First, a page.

When I first got interested in trail shoes I emailed Chris Townsend. He told me he felt safer walking in lighter trail shoes and you know what — I think he was right. When you are wearing a boot, said Chris, and that boot goes into a divot your foot/ankle basically goes where your boot goes. In a flexible trail shoe you have more control. I have lost count of the times I have nearly gone over on my ankles but have been able to pull out of a fall. In big heavy boots I’d have certainly have hit the floor.
My trail shoes are Inov-8 Terrocs. The shoe has been redesigned over the last year or so and i’ve yet to try a new pair. My favourite Terrocs weigh just 750 grams and they shed water fast. The Terrocs pretty much set the all-round trail shoe standard for a long time. Now there are lots of alternatives but if you are considering a pair of trail shoes just ask yourself how quickly will they shed water? NEVER EVER buy trail shoes with Gore Tex linings — that way the water just gets stuck in the shoe.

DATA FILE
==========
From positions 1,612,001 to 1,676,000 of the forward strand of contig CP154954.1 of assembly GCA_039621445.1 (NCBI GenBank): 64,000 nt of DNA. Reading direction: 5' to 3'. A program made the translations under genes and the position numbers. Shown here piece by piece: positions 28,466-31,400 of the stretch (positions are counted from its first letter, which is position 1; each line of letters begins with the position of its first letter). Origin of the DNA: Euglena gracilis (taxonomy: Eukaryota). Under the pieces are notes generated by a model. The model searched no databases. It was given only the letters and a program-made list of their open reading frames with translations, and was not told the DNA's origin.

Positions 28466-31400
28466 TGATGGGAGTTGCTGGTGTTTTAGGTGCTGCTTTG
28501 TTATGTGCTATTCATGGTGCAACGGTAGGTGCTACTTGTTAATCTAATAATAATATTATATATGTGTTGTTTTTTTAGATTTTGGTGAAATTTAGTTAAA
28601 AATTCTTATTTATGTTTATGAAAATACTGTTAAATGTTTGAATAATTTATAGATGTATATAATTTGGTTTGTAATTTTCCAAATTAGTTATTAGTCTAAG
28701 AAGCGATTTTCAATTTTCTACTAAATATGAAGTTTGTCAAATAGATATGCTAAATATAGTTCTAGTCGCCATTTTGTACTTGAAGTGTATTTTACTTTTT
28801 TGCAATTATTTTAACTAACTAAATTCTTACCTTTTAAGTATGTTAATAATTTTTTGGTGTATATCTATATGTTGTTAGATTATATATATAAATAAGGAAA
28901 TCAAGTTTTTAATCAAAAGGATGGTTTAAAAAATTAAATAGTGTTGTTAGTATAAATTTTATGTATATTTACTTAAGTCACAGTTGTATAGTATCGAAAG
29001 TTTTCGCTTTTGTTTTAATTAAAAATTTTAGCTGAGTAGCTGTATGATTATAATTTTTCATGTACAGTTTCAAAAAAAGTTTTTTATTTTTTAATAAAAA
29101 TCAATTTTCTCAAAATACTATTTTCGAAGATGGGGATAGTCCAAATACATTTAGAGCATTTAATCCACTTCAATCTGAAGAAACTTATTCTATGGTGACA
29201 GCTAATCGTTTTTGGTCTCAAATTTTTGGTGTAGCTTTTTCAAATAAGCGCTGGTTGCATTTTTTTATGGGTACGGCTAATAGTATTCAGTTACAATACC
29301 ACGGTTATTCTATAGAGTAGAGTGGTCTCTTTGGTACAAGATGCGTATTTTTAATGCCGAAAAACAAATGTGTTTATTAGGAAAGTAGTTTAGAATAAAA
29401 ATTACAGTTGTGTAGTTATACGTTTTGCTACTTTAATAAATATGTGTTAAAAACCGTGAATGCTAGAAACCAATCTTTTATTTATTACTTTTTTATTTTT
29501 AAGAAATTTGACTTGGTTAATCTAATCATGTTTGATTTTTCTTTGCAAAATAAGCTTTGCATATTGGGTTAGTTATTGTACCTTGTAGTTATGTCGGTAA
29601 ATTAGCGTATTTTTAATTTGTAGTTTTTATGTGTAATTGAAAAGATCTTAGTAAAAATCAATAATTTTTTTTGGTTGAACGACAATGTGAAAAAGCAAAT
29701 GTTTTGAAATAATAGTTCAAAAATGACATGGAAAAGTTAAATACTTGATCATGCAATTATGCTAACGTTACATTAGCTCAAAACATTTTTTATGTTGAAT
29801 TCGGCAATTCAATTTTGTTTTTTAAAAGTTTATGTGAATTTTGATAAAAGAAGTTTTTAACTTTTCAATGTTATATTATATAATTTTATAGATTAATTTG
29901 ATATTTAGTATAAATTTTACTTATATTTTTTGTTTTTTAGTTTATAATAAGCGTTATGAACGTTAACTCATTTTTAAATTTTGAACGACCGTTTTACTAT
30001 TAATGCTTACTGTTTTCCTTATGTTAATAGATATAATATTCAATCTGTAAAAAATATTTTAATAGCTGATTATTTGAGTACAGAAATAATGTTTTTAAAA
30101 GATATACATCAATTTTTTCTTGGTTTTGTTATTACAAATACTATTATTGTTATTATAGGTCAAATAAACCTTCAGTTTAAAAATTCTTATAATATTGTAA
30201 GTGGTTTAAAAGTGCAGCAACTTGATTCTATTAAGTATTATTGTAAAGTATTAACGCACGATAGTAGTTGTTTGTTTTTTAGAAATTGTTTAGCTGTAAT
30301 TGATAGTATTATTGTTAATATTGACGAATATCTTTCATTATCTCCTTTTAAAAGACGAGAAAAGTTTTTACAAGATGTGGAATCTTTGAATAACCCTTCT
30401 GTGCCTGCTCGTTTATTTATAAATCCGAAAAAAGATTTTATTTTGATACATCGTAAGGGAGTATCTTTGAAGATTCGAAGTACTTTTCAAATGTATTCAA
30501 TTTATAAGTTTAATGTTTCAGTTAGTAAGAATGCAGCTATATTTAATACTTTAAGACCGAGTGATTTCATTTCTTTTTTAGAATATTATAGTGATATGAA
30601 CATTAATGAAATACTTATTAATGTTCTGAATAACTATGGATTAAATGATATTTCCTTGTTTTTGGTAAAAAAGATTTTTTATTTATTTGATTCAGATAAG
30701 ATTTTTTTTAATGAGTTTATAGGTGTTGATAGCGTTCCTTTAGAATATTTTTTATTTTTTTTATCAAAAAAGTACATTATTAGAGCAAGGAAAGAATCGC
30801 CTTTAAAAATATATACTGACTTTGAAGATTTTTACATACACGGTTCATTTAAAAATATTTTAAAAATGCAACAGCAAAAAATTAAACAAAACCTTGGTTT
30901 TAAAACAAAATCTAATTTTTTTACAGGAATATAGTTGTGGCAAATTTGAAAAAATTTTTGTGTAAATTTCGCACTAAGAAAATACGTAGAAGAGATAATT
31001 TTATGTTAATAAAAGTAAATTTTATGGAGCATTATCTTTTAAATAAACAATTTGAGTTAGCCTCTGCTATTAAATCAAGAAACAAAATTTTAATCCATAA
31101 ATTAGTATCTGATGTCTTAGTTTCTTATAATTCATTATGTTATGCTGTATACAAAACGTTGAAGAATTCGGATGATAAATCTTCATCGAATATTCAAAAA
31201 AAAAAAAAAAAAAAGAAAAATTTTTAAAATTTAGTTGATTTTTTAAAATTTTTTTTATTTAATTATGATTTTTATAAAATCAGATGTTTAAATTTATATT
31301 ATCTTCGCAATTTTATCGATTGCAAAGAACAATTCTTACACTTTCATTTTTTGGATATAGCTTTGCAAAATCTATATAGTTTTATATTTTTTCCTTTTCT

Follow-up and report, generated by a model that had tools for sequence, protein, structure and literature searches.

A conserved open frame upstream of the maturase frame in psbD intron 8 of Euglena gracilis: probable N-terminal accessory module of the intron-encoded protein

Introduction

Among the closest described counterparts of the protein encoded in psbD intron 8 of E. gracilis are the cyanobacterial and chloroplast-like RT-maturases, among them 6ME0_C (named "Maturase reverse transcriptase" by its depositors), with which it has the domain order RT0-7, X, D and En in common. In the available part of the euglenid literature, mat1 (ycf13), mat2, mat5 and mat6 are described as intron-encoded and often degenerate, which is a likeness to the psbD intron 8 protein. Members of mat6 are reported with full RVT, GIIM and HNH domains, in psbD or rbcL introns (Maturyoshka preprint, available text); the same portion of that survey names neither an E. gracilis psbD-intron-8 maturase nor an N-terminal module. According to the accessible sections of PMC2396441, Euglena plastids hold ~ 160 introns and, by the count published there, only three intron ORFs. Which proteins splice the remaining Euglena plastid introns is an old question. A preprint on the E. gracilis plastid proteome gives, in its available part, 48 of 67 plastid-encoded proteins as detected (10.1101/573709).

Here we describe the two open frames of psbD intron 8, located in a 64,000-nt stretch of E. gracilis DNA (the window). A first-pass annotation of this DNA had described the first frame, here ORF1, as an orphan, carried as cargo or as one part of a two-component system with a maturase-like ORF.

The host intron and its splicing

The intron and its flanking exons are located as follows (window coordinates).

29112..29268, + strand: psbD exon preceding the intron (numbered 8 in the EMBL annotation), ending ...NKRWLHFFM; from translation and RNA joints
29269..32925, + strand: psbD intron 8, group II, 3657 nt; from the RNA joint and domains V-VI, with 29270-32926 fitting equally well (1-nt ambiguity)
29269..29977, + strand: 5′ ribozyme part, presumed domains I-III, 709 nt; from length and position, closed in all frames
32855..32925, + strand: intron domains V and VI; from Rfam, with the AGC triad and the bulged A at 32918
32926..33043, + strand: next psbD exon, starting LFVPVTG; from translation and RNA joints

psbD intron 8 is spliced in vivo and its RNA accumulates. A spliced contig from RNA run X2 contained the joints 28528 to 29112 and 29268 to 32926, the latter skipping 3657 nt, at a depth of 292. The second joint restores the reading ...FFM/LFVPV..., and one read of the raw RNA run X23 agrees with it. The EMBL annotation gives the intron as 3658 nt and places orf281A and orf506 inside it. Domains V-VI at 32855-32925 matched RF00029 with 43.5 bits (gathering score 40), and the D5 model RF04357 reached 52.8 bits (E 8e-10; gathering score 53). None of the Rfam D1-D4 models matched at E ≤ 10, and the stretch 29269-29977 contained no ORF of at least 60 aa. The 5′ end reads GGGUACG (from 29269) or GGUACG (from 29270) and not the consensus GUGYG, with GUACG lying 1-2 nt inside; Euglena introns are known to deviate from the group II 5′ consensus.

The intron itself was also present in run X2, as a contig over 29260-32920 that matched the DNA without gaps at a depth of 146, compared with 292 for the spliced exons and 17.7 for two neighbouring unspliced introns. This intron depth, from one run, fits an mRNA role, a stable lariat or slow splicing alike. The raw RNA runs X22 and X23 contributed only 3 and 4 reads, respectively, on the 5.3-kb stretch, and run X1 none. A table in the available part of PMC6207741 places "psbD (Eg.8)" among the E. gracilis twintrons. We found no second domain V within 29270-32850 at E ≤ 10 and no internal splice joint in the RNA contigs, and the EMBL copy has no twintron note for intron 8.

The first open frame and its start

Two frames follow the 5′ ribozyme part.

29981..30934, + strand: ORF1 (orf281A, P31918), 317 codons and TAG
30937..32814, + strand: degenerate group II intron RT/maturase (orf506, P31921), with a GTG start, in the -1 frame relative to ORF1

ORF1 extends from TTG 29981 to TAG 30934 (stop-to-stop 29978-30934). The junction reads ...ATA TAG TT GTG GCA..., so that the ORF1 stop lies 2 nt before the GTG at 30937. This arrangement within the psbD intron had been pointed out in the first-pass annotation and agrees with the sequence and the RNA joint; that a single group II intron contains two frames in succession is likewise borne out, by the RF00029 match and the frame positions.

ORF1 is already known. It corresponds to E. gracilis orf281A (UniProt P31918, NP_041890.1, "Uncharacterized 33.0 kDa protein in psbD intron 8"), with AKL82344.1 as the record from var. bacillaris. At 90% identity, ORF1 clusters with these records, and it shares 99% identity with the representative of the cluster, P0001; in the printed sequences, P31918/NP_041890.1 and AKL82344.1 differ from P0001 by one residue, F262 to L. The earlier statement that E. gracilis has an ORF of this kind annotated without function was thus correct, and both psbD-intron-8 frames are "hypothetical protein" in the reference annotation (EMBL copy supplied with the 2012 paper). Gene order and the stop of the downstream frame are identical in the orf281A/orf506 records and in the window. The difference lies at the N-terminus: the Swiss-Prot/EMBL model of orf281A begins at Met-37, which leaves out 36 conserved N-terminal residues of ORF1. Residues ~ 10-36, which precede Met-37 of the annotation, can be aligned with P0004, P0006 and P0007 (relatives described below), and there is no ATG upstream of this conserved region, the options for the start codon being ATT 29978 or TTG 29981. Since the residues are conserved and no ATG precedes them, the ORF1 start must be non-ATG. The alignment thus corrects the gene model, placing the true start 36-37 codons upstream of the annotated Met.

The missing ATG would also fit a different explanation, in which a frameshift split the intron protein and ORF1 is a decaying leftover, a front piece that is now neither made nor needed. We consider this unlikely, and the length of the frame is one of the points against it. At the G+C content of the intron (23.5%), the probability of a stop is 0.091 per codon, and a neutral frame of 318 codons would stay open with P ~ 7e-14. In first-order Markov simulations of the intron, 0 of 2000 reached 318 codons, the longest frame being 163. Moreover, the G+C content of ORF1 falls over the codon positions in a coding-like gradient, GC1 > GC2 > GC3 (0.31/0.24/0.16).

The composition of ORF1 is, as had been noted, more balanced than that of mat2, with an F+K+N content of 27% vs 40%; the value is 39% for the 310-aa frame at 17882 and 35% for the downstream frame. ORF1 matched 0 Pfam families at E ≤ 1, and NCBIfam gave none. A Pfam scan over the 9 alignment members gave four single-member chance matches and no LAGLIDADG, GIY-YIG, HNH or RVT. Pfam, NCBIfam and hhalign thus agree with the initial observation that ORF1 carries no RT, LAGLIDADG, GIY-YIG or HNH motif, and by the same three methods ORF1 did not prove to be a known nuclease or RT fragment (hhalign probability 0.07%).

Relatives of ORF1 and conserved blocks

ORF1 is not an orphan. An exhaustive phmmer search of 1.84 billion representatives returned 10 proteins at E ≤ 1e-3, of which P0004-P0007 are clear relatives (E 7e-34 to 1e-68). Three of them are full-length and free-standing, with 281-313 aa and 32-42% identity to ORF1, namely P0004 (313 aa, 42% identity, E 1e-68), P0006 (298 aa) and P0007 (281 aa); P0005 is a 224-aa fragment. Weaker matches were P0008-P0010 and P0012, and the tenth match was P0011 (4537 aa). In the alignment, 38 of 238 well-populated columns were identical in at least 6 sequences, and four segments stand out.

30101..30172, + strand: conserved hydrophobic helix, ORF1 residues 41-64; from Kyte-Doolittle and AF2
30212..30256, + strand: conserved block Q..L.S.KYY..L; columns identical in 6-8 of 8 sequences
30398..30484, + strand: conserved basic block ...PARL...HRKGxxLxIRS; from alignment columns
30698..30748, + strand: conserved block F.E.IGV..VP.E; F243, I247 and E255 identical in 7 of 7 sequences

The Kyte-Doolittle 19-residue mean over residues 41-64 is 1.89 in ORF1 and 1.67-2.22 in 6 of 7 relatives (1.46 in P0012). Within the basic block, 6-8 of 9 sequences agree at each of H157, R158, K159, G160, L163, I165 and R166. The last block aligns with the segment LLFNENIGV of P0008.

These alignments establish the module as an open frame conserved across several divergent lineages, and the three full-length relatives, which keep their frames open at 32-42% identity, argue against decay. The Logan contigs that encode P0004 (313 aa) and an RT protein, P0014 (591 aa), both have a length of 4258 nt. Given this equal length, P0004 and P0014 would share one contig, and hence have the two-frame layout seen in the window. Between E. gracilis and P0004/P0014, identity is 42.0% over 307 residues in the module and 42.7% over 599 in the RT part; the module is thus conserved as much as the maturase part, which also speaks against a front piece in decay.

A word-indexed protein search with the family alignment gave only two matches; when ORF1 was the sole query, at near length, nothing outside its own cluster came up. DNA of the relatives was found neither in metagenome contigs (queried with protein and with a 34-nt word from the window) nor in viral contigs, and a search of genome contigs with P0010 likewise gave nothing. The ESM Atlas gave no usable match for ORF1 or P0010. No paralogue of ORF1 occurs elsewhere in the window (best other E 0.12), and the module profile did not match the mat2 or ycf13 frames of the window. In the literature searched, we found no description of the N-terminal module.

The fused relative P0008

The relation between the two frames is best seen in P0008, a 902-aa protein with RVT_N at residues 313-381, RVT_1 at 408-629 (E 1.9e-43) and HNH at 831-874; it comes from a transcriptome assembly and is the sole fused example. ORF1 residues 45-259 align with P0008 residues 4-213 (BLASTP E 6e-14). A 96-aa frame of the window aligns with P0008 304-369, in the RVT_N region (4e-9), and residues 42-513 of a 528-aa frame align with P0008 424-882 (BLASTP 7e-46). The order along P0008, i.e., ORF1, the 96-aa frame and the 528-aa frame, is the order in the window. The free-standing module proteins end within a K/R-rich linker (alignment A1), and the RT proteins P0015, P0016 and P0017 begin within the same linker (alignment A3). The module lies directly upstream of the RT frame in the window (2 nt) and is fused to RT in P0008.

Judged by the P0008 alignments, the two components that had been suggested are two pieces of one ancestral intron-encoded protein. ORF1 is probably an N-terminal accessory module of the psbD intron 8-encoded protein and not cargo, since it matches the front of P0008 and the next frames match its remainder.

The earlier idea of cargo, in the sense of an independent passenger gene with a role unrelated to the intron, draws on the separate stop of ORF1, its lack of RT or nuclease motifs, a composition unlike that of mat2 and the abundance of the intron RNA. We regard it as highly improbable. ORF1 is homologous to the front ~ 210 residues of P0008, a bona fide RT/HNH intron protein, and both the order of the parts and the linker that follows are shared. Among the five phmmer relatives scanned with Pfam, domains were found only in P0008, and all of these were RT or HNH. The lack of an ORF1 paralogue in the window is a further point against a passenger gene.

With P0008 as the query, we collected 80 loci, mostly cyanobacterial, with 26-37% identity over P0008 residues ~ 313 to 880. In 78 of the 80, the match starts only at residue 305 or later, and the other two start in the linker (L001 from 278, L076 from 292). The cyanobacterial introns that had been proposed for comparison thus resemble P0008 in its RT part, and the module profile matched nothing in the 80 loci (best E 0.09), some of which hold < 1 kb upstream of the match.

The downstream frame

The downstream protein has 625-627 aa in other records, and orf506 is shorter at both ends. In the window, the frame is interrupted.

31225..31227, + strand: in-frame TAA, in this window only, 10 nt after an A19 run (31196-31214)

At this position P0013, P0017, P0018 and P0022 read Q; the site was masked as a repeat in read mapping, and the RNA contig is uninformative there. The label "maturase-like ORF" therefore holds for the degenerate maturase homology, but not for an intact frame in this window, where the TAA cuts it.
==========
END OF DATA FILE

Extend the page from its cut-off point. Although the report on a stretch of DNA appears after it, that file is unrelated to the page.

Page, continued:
The water thing is probably the biggest advantage of the trail shoe on the Challenge. When you come to a river you can laugh in the face of the old farts who are sitting on the bank of the river or stream, taking off their boots and donning their crocs. Us trail shoe people simply plough on through with no loss of momentum.
I find that, at the end of a hard day, my feet recover more quickly when I have been wearing trail shoes.
If this sounds a little too extreme for you then just buy a good but light pair of boots. If you are tempted but still not sure, buy a pair of trail shoes for simple day hikes and try them out. And when people try and tell you that these have no place in the backpacking world ask yourself, have these people ever tried them? Most of those who complain about lightweight gear have never tried it I have discovered!